Program Schedule

1297
Evaluation of Outpatient Parenteral Antimicrobial Therapy (OPAT) at a Veterans Affairs (VA) Hospital

Session: Oral Abstract Session: Clinical Practice Issues—OPAT in Diverse Populations
Saturday, October 11, 2014: 8:45 AM
Room: The Pennsylvania Convention Center: 109-AB

Background: Outpatient parenteral antimicrobial therapy (OPAT) is the administration of antimicrobial therapy in the home or other non-acute care settings. A growing body of literature suggests OPAT is overused and oversight by antimicrobial stewardship programs (ASPs) can reduce overuse, reduce costs and improve patient safety. Our objective was to define the frequency and characteristics of OPAT use in a large VA medical center. Additionally, we aimed to assess the appropriateness of OPAT use and identify opportunities to improve OPAT use and patient safety.

Methods: We conducted a retrospective chart review of OPAT episodes from January 1, 2012 to December 31, 2012 within the VA Salt Lake City Health System. Each episode was evaluated for drug(s) used, indication, duration of therapy, and if infectious diseases (ID) consultation was obtained. Each episode with and without ID consultation was assessed for appropriateness based on 6 potential modifications: stop therapy; IV to PO conversion; change in duration of therapy; change in drug; reduction in number of drugs; and change in dose. We determined whether a modification would have definitely, possibly or not been recommended for each category.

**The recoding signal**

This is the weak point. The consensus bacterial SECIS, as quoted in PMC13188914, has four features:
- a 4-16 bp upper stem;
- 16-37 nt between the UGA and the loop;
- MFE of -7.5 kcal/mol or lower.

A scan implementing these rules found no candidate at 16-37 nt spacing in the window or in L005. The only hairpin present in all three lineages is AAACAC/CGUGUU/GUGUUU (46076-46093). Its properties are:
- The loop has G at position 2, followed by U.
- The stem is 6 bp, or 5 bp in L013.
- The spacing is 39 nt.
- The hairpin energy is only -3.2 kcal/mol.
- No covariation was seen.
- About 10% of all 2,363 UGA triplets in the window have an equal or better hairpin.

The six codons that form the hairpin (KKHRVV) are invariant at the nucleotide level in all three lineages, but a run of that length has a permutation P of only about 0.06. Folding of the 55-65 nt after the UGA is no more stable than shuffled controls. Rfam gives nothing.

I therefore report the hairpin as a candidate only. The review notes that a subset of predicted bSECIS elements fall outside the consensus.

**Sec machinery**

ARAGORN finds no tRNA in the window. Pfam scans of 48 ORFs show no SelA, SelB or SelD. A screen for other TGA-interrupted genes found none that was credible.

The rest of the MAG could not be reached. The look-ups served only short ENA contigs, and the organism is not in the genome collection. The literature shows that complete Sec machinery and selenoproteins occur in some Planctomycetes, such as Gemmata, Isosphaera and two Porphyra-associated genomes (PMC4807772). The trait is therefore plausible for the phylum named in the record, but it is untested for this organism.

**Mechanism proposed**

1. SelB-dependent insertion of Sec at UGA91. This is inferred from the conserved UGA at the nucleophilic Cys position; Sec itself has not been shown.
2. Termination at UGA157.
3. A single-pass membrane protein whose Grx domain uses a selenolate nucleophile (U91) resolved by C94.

Results: 193 OPAT episodes occurred in 148 patients. Eighty-one (42%) OPAT episodes were without ID consultation. The most frequently prescribed antimicrobials were vancomycin (34%), carbapenems (26%), 3rd generation cephalosporins (16%), and anti-pseudomonal penicillins (14%). The most common indications for OPAT were bone and joint infections (31%), urinary tract infections (UTIs) (24%) and skin and soft tissue infections (SSTIs) (17%). A definite modification would have been recommended in 35% of cases and a possible modification in 41% of cases. The most commonly recommended changes were IV to PO conversion (30%), change in duration (22%), and change in drug (22%). For 46% of cases, OPAT was potentially not indicated (16% stop, 30% IV to PO).

Conclusion: We found a significant proportion of OPAT use at our institution was potentially avoidable. Misuse of OPAT is common with overuse of broad-spectrum antimicrobials and durations of therapy longer than guideline recommended. An antimicrobial stewardship intervention will likely improve the quality of OPAT use, reduce costs and improve patient safety.  

 

Emily Sydnor, MD, MHS1,2, Brian Kendall, MD1,2, Patricia Orlando, PharmD2, Christian Perez, MD1, Matthew Samore, MD2,3, Andrew Pavia, MD, FIDSA, FSHEA1 and Adam L. Hersh, MD, PhD1, (1)University of Utah School of Medicine, Salt Lake City, UT, (2)VA Salt Lake City Health System, Salt Lake City, UT, (3)University of Utah School of Medicine, Division of Epidemiology, Salt Lake City, UT

Disclosures:

E. Sydnor, None

B. Kendall, None

P. Orlando, None

C. Perez, None

M. Samore, None

A. Pavia, None

A. L. Hersh, None

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